MANY decisions were made and many bye-laws enacted in the building pictured at the top of this page – the historic Dewsbury Town Hall.
It was the place where anything of importance relevant to the residents of Dewsbury was discussed and debated in detail.
The building of new schools, police stations, hospitals, sewage works, post offices, swimming baths, libraries, new roads, were all discussed here.
The town hall was regarded as Dewsbury’s jewel in the crown and therefore was always the perfect choice for any important events held in the town.
It played host to many high ranking people including kings and queens and prime ministers from all sides of the political spectrum.
It was also the chosen venue for countless festivals, exhibitions and concerts, including several by the renowned Halle Orchestra.
All these visits had to be discussed in detail by the committees arranging them, and whatever decision they arrived at they reported back to the full council meeting for further discussion.
I was privileged as a young reporter to attend these council meetings, but I didn’t think so at the time because I found them very boring.
That was until 1958 when the council had to debate a very important matter relating to a new dancing craze called rock ’n’ roll.
I found nothing boring about these debates because as a young teenager I had myself just taken up this new dancing craze from America.
But local councillors didn’t like the idea of so-called teddy boys attending their Saturday town hall dances and decided to ban it.
Fortunately, this dancing was welcomed in the Ben Riley Hall in Dewsbury, which I regularly attended, and also at the Gaeity Dance Hall in Batley, but the venerable building above was having none of it.
Indeed, some of the most heated council debates to take place in the Dewsbury Council Chamber revolved around this new rock ’n’ roll revolution.
They felt that teddy boys in their drape coats, drainpipe trousers and beetle-crusher shoes, didn’t fit in with those more sedate dancers attending town hall dances.
Although there hadn’t been any real trouble, apart from one or two skirmishes with those doing the fox trot and waltzes, councillors were not prepared to take any risks.
Their decision to ban it incensed local youngsters who had had no say in the matter because being under 21 were too young to vote.
They complained bitterly to their local councillors and some wrote letters to the Reporter, but it was to no avail, the council had made their decision.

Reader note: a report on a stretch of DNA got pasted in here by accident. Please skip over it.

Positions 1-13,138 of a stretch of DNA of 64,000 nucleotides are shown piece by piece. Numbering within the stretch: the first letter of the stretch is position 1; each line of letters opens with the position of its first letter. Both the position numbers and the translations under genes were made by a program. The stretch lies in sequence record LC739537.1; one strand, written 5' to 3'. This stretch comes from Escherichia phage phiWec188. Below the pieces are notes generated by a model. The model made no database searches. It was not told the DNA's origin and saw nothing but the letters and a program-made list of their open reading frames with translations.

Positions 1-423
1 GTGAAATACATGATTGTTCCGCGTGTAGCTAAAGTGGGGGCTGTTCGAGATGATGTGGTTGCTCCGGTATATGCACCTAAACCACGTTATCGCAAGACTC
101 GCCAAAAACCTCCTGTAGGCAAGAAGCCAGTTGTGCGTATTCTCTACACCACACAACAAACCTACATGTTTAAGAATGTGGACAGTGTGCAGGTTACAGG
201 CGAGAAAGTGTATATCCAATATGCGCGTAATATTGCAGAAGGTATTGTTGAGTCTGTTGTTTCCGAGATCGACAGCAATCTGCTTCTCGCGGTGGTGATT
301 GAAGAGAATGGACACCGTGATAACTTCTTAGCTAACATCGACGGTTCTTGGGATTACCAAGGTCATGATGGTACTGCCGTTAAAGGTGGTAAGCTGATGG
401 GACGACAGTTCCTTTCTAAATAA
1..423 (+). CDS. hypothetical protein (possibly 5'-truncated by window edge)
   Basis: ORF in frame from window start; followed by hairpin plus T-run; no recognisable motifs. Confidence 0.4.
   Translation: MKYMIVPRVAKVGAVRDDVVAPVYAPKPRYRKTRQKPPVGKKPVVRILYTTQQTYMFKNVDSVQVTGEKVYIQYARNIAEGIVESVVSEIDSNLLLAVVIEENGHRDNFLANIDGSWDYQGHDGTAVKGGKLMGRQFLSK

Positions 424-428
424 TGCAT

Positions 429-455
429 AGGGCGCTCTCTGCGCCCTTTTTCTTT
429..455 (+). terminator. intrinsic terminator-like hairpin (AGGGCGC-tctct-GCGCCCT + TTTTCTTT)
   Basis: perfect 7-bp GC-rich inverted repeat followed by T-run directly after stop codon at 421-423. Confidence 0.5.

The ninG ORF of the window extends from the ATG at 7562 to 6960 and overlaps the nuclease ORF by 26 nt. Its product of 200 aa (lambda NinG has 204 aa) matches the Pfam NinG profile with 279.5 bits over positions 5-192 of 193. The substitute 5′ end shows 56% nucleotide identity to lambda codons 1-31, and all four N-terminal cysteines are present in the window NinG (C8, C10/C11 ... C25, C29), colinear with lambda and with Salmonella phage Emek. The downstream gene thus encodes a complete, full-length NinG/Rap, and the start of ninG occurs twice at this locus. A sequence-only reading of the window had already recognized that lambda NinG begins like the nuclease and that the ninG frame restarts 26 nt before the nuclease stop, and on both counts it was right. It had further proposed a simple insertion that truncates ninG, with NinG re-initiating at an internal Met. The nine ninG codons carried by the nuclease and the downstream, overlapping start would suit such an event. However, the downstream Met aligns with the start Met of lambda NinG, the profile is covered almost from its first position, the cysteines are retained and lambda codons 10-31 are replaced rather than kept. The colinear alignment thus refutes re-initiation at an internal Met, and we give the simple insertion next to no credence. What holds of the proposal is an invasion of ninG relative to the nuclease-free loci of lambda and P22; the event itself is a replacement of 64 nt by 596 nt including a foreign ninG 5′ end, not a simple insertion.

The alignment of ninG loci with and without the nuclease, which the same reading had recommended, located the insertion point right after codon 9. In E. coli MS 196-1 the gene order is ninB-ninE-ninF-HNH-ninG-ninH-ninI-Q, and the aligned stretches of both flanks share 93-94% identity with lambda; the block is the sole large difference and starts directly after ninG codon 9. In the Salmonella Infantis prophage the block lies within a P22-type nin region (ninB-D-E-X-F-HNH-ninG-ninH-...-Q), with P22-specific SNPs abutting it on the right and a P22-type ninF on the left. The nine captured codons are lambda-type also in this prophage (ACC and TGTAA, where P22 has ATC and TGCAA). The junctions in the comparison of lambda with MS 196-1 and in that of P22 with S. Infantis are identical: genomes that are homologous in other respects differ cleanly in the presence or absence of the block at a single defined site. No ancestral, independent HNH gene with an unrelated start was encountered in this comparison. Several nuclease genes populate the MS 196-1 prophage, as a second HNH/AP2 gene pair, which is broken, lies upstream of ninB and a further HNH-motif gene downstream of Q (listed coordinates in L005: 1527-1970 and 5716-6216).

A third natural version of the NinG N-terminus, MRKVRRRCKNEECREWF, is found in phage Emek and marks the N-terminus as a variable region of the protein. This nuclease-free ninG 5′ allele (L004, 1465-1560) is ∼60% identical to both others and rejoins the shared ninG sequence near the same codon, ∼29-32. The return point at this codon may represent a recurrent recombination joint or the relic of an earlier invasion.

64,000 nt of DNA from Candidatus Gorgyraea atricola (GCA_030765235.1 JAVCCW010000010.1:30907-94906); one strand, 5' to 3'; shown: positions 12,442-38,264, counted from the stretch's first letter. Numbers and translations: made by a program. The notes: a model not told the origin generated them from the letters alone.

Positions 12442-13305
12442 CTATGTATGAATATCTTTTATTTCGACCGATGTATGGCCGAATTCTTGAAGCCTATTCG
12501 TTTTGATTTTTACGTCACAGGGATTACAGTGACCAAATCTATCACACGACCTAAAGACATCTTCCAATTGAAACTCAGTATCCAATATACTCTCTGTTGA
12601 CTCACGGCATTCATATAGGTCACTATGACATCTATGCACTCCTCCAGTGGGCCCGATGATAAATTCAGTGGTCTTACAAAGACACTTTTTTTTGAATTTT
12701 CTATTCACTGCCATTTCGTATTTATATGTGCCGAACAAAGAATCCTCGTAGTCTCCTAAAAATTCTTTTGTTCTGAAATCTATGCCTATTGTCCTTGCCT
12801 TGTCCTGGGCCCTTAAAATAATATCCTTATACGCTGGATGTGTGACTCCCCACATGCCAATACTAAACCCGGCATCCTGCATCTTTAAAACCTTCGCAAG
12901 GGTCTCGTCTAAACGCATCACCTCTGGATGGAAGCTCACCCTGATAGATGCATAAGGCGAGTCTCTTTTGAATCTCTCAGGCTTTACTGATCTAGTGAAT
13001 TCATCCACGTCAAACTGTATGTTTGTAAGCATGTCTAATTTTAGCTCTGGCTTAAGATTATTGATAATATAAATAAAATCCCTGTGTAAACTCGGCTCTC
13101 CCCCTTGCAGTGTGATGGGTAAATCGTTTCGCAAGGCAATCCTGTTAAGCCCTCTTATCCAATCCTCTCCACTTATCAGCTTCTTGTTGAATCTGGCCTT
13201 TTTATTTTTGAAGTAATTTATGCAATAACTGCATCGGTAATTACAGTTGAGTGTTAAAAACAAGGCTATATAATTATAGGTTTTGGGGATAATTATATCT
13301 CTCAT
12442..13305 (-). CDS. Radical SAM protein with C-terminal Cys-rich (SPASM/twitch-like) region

Councillor Joe Walsh, a family man, was completely against the ban and asked if there could be a compromise – a session for rock ’n’ roll and one for ballroom dancing.
Councillor Kenneth Howe said it wouldn’t work because rock and rollers would do their type of dancing no matter which kind of music was played.
He said: “If you played hymns in the town hall they’d rock and roll to them.
“These are not the type of people we want in the town hall.”
Councillor Alf Ramsden hoped people wouldn’t accuse him of being a “square” because he wasn’t – on the contrary he liked jive.
But he felt the pleasure of those who wanted to jive, be-bop and rock ’n’ roll was spoiling the pleasure of other dancers.
The council decided that a notice would be posted in the dance hall stating that if people jived they would be turned out and their money would not be refunded.
Councillor Hopkinson was on the side of the rock ’n’ rollers stating they had a right to some entertainment, and the council ought to be more lenient with them.
Councillor Mrs Violet Ferrari asked who had been complaining to the council about rock ’n’ roll, the dancers or the organisers of the dances in question?
Councillor Ramsden said the complaint was from dancers who were staying away from town hall dances because of jitterbugging and rock and rolling.
He said the dance organisers had been instructed to see that the new regulations were fully carried out.
They had been warned that if these regulations were not adhered to, it might jeopardise any future applications they made for Saturday night dances.
Alderman Sugden said there was another section of people who attended the dances and caused trouble – those who had had a “skin full” of beer before coming into the dance hall.
Many of the young teddy boys banned from those dances would later do their National Service and some would lose their lives fighting for their country.
The motto here could well have been – never judge a book by its cover – and perhaps we could all learn a lesson from this.
For it was many years before Bill Haley’s “Rock Around the Clock” record would be played in Dewsbury Town Hall.
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